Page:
WELSH coaches have claimed three awards at the 2018 UK Coaching Awards.
The showpiece annual event, which is seen as one of the most prestigious by the coaching community, took place at The Honourable Artillery Company, London on Thursday, November 29, 2018.
Included in the list of winners are Swansea’s Francesca Lewis and Aberystwyth’s Lee Coulson BEM.
Lee Coulson BEM has been named as Community Coach of the Year, recognising his great coaching achievements in 2018, following a 26-year stint coaching basketball and 15 years coaching disability sport.
The Aberystwyth coach is helping to raise the profile of disability sport in Wales exponentially. As a Disability Sport Wales national performance pathway coach, many of his participants have won international gold medals and this success has enabled Coulson to grow the performance pathway. Even more children and young people can now take part in, and excel at, disability sport.
Multi-sport coach Coulson said: “It’s crucial that everyone gets the chance to participate in sport – no matter if they are disabled or not. This is what I am trying to help people recognise across Wales. Great coaching ensures that sport is accessible for all.
“After coaching for 26 years, it’s a huge honour to have been recognised at the UK Coaching Awards. Here’s to the next 26 years.”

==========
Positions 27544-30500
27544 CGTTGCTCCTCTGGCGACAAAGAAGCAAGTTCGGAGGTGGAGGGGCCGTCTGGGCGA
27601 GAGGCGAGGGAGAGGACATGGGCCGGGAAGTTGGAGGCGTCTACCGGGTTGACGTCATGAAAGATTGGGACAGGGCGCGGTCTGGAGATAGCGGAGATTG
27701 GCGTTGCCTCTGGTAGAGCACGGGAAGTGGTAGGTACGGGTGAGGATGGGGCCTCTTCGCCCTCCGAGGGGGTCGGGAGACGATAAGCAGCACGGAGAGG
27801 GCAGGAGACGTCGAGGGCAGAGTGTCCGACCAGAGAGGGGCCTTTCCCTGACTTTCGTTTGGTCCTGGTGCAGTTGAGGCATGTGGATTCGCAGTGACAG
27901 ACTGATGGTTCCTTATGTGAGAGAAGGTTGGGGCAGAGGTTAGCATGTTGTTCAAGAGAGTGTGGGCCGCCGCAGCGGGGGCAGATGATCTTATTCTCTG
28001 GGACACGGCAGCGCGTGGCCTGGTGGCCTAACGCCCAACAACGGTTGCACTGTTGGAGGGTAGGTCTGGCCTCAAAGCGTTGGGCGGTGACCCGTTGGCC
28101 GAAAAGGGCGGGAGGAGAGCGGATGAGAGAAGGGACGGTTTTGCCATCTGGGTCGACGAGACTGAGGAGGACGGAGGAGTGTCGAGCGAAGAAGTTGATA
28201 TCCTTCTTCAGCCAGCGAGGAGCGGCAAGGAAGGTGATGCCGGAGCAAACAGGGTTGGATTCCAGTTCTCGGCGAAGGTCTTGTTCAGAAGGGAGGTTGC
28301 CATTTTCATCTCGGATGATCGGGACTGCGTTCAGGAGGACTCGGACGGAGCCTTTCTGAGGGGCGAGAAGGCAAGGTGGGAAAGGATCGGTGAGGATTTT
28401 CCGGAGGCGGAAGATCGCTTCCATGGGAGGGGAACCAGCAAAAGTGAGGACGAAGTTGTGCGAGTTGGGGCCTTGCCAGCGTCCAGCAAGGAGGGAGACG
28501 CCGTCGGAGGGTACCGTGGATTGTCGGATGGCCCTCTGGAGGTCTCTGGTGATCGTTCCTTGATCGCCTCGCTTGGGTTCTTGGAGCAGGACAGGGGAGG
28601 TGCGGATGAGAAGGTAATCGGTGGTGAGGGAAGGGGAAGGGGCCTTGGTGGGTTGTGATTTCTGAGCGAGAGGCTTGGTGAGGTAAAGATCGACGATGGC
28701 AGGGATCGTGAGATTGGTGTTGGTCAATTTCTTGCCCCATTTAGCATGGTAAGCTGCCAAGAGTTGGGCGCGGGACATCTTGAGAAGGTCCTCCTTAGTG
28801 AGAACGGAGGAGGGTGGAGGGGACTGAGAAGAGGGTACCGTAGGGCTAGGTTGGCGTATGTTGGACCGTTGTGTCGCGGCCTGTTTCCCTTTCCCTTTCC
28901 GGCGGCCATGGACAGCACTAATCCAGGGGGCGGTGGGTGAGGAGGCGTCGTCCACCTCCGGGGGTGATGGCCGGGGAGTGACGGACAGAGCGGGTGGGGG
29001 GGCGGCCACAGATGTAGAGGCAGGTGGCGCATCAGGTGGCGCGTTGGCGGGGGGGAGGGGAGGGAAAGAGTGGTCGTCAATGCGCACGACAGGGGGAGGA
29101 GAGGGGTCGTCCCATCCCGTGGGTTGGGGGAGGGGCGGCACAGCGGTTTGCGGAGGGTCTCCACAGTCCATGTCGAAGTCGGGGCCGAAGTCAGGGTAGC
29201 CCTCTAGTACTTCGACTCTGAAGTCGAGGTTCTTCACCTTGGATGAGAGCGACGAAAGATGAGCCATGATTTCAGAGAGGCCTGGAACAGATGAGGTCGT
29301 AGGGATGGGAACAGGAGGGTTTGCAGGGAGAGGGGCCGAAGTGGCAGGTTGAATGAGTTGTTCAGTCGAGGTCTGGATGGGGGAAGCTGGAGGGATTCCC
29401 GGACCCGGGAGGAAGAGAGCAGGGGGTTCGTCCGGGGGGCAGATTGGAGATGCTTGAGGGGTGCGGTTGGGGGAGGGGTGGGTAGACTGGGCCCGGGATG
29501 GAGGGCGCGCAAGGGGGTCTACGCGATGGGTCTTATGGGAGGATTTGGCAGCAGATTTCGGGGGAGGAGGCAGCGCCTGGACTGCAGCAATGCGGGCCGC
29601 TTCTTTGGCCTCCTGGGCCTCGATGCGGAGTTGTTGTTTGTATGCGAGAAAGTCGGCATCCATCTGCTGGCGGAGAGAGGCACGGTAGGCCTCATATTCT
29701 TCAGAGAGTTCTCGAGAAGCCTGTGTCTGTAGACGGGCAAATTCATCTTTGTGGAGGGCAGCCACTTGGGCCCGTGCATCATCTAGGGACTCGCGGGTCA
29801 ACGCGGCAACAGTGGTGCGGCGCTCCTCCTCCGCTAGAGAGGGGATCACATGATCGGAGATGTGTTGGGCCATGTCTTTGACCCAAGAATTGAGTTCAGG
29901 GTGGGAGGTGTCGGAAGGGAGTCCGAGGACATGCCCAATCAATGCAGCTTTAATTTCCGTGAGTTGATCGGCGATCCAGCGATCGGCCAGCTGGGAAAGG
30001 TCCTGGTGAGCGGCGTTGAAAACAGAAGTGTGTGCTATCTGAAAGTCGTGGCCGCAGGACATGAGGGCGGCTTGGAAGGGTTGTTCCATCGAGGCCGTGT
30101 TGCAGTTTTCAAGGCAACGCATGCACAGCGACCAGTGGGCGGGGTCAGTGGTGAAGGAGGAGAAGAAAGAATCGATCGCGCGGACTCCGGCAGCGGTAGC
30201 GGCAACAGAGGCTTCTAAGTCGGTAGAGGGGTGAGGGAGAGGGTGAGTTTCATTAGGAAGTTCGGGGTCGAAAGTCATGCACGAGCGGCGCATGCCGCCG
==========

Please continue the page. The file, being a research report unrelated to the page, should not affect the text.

Tennis coach Lewis won the Talent Development Coach of the Year award after an incredible 12 months which saw her also shortlisted for the British Tennis Coach of the Year award.
Lewis has been responsible for bringing through a huge number of players from entry level into the local academy programmes, with her players winning five national singles titles.
She is also recognised for delivering individual coaching packages and inspiring participants to achieve their goals. She works with parents and players, on-and-off the court, supporting her players at tournaments and looking after their physical and mental development.
Her achievements were also instrumental in Swansea Tennis Centre being awarded both Regional and Local Player Development Centres in the LTA’s new High-Performance Strategy, which will provide even greater opportunities for children in the region to receive high-performance coaching.
What’s more, she has set up a foundation through which she raises in excess of £10,000 annually to help support players at regional level or above to train and compete.
Francesca Lewis, after receiving her award said: “To win at the UK Coaching Awards is the greatest honour for any coach – and I can’t believe I have managed to win this award against such incredible competition in this category.
“I am still a young coach with many years of coaching ahead of me, so to be recognised at this stage in my career gives me a huge boost.”
Additionally, after an outstanding year for Welsh cyclist Geraint Thomas in which he won the Tour de France, his coaches were named as winners in The Coaching Chaincategory. Maindy Flyers’ Head Coach and Founder Debbie Wharton and Welsh Cycling’s Head Coach Darren Tudor were named alongside Team Sky’s Tim Kerrison, Matt Parker and Rod Ellingworth for the contribution they have made throughout Geraint’s life.
Emma Atkins, Director of Coaching at UK Coaching said: “The UK Coaching Awards is a way for the nation to praise the great coaching that takes place, and a chance for us in the coaching sector to reflect and celebrate the effect great coaching has on society.
“We are privileged to be able to recognise more great coaching again, especially, in a year where we’ve worked hard to help the public understand what great coaching looks like following the launch of the first ever Coaching Week.